Understanding Adolescent Substance Use |

4 min read

Over the years, as I’ve delved deeper into my research on the development of decision-making, my empathy toward adolescents has grown significantly. I have come to recognize the complexity of the transitions they undergo during this phase of their lives.

It is crucial to acknowledge that as adults, we often forget the emotions we experienced during middle school and high school, making it challenging to empathize with the teenagers who may confront us, act out, or reject our guidance. Instead of viewing them as “little adults” who defy our rules and instructions, we should remember that they are still in the process of discovering their place in the world. This formidable task can sometimes lead them down perilous paths where they risk getting trapped. One such perilous path is substance use.

Adolescence, spanning from around age 11-12 to approximately age 25, is a crucial period of development in a person’s life. During this time, teenagers undergo a myriad of physical, emotional, and cognitive changes as they transition from childhood to adulthood. It’s a phase marked by increased autonomy, exploration, and risk-taking behaviors.

Drug and alcohol use among adolescents is a significant concern in the United States, alongside issues like anxiety, depression disorders, and cyberbullying. Vaping products have gained widespread use, a trend that poses a significant threat to the progress made in reducing cigarette smoking among teenagers, who tend to be drawn to vaping because they perceive it as less harmful and more affordable than conventional tobacco products. At the same time, marijuana remains the most widely used illicit (in many places) drug, and alcohol is still the most widely used substance.

Source: Isabelle Brocas/ personal collection

Two systems responsible for decision-making mature at different times. Teens are more sensitive to rewards and do not regulate impulses as well as adults.

Source: Isabelle Brocas/ personal collection

One notable aspect of adolescent development is the delayed maturation of the prefrontal cortex—the brain’s decision-making and impulse control center. This delay contributes to teenagers’ susceptibility to engaging in risky behaviors, including experimenting with drugs and alcohol, primarily driven by the attraction of short-term rewards.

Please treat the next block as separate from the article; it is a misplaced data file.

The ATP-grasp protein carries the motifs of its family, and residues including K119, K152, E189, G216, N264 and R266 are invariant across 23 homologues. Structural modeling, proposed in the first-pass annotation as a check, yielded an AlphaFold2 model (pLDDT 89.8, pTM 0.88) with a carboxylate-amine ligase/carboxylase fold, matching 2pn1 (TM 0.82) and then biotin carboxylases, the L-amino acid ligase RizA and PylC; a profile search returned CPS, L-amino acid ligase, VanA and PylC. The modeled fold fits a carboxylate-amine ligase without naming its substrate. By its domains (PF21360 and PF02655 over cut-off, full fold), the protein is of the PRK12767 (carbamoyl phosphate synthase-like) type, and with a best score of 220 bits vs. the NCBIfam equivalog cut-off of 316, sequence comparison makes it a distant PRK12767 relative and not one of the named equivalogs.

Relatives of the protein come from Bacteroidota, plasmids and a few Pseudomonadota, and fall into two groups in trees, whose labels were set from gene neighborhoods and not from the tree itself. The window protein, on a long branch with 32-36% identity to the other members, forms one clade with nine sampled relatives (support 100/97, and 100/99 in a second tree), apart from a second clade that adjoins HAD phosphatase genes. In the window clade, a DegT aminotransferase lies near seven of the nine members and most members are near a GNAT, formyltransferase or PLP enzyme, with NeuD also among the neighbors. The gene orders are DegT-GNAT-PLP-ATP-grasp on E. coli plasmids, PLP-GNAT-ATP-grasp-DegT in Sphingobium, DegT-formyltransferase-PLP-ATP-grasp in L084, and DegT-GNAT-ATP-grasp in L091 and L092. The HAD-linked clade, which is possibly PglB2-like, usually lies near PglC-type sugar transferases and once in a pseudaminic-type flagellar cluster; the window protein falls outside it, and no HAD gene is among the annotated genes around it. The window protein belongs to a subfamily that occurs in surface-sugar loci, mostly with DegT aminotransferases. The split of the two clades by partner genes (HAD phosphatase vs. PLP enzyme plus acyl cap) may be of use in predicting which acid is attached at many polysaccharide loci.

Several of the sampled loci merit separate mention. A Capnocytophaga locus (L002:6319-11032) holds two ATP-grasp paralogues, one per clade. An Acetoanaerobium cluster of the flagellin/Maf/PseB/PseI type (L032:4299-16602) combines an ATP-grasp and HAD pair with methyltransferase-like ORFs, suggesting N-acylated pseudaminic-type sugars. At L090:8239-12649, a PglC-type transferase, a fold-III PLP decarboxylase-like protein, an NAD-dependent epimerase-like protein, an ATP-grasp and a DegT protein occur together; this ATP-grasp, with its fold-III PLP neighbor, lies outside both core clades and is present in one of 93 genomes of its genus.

During adolescence, the brain undergoes pruning—a process of eliminating unused connections and strengthening frequently used pathways. The activities and behaviors teenagers engage in during this phase can shape their brain’s wiring. Positive activities like sports, academics, or music strengthen constructive connections, while negative behaviors like substance use reinforce harmful connections.

The brain’s emotional processing regions mature earlier than the PFC, contributing to teenagers’ heightened emotional reactivity and propensity for risky behaviors. The brain’s reward circuitry plays a significant role in substance use. Adolescents experience higher activation in response to rewards than adults, which makes them more susceptible to the pleasurable effects of substances like drugs. Repeated drug exposure can disrupt dopamine levels, leading to a reliance on drugs for pleasure and motivation, eventually resulting in addiction.

What Else Contributes to Teen Substance Use?

In addition to brain maturation, various factors contribute to adolescent substance use. First, males tend to have higher rates of illicit drug use than females. However, the prevalence of drug use increases significantly for both genders in high school.

Second, family dynamics, parental education, socioeconomic status, parental approval of substance use, and experiences of physical and sexual abuse can influence adolescent substance use. Furthermore, developmental and psychiatric disorders like ADHD and depression are associated with an increased risk of substance use among adolescents. ADHD, in particular, can delay cognitive development and lead to impulsivity.

Preventing and addressing adolescent substance use requires a multi-pronged approach. Teaching teenagers about the impact of substances on their developing brains can help them make informed decisions. Parents and educators must engage in open discussions about the risks of substance use. Also, encouraging safe, supervised risk-taking is vital, as adolescents naturally seek novel experiences.

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